The moon’s on a tight schedule. So many places, so little time. It glides past Venus Sunday morning and a day later appears along a new morning planet, Saturn. Then on Tuesday – Weds. the new moon passes squarely in front of the sun for residents of northern Australia and several small islands in the Pacific for a solar eclipse appointment.
Viewing the lunar crescent and Venus will be easy since both are bright and conveniently placed for viewing in morning twilight. For fun, see how long you can keep Venus in view after sunrise using the moon as a guide. If your sky is haze-free, I’m going to bet you’ll see it easily many minutes or even hours later. Let us know how you do.
The Saturn-moon conjunction Monday morning will be trickier, but worth the effort. Not only will you see the return of the ringed planet to the dawn sky but also a super-thin crescent. You’ll need a wide-open horizon to the east-southeast, since the pair will only be about 5 degrees high (about three fingers held together at arm’s length) an hour before sunrise. Bring binoculars as a back-up.
On Nov. 14 about 6:30 a.m. Australian Eastern Standard time (4:30 p.m. CST Nov. 13) the moon will totally eclipse the sun during the early morning hours for lucky sky watchers in northern Australia.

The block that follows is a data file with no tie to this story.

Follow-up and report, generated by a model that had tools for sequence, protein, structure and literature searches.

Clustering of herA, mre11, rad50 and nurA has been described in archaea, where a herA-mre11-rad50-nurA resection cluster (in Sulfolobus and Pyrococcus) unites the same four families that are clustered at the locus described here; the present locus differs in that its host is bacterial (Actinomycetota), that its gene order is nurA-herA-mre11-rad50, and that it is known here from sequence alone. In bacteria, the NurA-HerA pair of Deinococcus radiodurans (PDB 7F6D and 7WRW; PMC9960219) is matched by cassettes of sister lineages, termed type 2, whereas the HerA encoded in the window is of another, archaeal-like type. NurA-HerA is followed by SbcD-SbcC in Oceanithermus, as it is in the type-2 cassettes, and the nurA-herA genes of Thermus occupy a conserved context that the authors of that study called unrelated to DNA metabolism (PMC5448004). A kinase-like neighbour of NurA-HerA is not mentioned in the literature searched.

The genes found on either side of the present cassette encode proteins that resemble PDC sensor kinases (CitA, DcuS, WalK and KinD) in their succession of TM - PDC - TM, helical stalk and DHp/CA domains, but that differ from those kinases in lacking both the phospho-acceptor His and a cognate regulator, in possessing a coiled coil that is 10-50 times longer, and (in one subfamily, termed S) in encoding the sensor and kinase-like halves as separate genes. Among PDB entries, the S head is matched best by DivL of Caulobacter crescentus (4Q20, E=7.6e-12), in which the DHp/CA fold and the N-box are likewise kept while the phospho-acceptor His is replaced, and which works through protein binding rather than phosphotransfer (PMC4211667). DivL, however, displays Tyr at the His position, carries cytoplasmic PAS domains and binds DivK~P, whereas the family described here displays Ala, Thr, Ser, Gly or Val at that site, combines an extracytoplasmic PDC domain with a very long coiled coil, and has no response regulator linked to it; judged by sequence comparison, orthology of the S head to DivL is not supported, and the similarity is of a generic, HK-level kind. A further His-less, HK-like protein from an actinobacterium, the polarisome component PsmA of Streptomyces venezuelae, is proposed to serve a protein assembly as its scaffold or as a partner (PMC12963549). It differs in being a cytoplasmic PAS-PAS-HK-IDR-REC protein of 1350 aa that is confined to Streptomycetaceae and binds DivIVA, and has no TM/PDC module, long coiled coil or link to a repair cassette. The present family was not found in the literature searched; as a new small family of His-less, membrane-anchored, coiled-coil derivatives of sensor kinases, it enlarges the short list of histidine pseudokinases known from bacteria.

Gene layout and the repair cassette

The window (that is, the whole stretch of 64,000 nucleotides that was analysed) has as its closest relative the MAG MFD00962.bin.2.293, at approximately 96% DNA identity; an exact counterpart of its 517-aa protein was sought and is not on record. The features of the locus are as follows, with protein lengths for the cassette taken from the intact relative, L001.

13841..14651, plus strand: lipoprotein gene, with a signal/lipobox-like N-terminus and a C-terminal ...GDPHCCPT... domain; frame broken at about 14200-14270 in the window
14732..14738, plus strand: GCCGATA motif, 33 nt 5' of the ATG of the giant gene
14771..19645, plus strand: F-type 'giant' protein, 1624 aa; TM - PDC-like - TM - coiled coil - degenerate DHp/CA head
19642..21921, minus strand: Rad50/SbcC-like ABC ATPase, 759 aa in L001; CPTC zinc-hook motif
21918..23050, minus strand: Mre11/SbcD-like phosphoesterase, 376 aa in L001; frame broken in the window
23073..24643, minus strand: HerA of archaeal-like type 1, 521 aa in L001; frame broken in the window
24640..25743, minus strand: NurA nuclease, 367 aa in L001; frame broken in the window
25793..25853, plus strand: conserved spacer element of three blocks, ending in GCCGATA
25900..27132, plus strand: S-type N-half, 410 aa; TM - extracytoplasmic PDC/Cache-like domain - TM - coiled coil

The moon’s shadow first touches ground at sunrise in the wilds of the Northern Territory and tracks east at over a 1000 mph reaching the city of Cairns in Queensland with a population of about 150,000 at 6:39 a.m. local time.
From there, totality races across the Coral Sea and South Pacific before wrapping up at sunset west of the Chilean coast. A much larger region including all of Australia, New Zealand, Papua New Guinea and southern South America will see varying degrees of partial eclipse.
From the northern hemisphere’s perspective, the moon misses the sun, passing to its south. Sorry, no eclipse. We’ll have to wait until August 21, 2017 for the next total solar eclipse. Click HERE for more details and times to watch Wednesday’s event down under.
Can’t afford a trip to Australia at the moment? Watch it instead via webcam. Here are some cams to check out when the time is nigh: